But I have jars left to fill! 

Trust me, those jars were hard-won. I had to hit the stores, namely Walmart, when the doors opened in the morning to get quart jars. And lids? If you live around here, you're fucked. I ordered several batches of Tattler lids, so screw you Newell Brands. Today and in the future. Tattlers work great and they're reusable and most importantly AVAILABLE. 

I've been researching soups. I've already processed chili, vegetable, and chicken corn soups. We just popped the seal on the second to last jar of chili a few evenings ago. It's really nice to pour a jar into the saucepan and heat it up - no waiting for it to thaw. I'll definitely make a larger batch next time. 

So what can I preserve this weekend? Surely there is something I can work on.  I'm infusing avocado oil with lemon balm to make a balm or salve, but it's not steeped long enough. I have some calendula blossoms drying but they're not ready to do anything with. Of course! Banana bread! I do have a couple of really ripe bananas, enough for two loaves, and one and a half loaves can go in the freezer. That might get me over the hump for this weekend. I'll get it figured out and add something to the pantry.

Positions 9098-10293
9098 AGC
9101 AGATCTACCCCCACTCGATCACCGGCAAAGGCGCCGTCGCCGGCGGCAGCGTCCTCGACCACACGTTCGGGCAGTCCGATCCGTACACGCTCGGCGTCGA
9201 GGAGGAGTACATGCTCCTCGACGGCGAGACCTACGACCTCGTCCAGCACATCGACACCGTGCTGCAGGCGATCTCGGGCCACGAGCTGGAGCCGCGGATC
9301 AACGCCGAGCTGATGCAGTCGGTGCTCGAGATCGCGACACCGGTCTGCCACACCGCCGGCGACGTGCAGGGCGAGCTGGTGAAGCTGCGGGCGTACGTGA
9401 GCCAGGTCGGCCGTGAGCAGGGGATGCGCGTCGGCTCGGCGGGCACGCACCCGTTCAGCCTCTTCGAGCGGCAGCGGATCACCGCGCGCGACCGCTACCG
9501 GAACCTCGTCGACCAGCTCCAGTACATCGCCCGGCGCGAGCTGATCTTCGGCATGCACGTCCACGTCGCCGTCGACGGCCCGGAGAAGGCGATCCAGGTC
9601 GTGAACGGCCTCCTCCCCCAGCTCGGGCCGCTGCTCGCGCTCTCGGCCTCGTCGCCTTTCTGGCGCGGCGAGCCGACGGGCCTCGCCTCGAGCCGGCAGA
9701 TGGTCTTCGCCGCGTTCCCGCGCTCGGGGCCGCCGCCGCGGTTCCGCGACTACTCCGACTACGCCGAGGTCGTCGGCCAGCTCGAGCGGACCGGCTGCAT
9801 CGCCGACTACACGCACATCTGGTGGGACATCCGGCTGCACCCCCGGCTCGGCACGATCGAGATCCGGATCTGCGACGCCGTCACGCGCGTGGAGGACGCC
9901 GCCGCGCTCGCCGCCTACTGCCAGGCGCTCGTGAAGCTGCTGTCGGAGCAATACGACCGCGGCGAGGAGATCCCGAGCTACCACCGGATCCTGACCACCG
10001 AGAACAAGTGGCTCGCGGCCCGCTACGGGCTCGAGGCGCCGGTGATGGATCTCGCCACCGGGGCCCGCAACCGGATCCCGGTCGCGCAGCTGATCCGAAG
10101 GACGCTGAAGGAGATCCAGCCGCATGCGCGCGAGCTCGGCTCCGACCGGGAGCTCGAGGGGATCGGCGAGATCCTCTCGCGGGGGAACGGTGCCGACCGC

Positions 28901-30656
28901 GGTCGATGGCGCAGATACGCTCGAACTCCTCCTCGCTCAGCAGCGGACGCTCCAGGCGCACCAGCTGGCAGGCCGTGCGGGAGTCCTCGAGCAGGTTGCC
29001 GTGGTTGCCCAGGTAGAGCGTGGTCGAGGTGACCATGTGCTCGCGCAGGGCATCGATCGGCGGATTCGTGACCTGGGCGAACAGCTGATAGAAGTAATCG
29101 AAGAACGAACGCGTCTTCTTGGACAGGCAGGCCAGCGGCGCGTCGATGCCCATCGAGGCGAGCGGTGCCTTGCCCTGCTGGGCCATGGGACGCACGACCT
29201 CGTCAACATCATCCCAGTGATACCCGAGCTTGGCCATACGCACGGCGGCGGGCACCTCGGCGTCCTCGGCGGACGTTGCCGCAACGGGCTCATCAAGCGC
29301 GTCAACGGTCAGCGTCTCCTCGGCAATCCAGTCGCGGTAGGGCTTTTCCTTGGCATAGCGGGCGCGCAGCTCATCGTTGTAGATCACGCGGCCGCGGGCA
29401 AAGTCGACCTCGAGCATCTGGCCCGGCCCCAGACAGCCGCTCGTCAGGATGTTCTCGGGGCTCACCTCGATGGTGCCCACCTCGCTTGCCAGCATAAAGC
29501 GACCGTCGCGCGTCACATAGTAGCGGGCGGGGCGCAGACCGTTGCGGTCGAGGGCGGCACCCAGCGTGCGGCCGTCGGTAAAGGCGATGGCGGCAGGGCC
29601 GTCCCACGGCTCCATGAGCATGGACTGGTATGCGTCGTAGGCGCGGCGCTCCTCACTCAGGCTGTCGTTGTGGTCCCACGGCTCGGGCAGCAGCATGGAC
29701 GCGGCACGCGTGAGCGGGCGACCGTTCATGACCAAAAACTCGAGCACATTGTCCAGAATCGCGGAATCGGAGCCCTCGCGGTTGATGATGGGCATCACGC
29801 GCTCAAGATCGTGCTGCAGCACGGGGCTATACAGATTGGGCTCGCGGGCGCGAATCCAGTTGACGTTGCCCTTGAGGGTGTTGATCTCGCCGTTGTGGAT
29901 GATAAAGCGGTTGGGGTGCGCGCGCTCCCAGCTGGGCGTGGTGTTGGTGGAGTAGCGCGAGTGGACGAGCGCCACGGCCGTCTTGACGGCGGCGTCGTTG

And speaking of the pantry, the prevailing wisdom is not to let people see what's in your pantry. There's concern that when times get really hard, people will try to steal from you. I see the validity to that fear, but please remember this if nothing else. 

We also spent the summer upping our level of security.  

The Lady of The Hideaway

October 3, 2021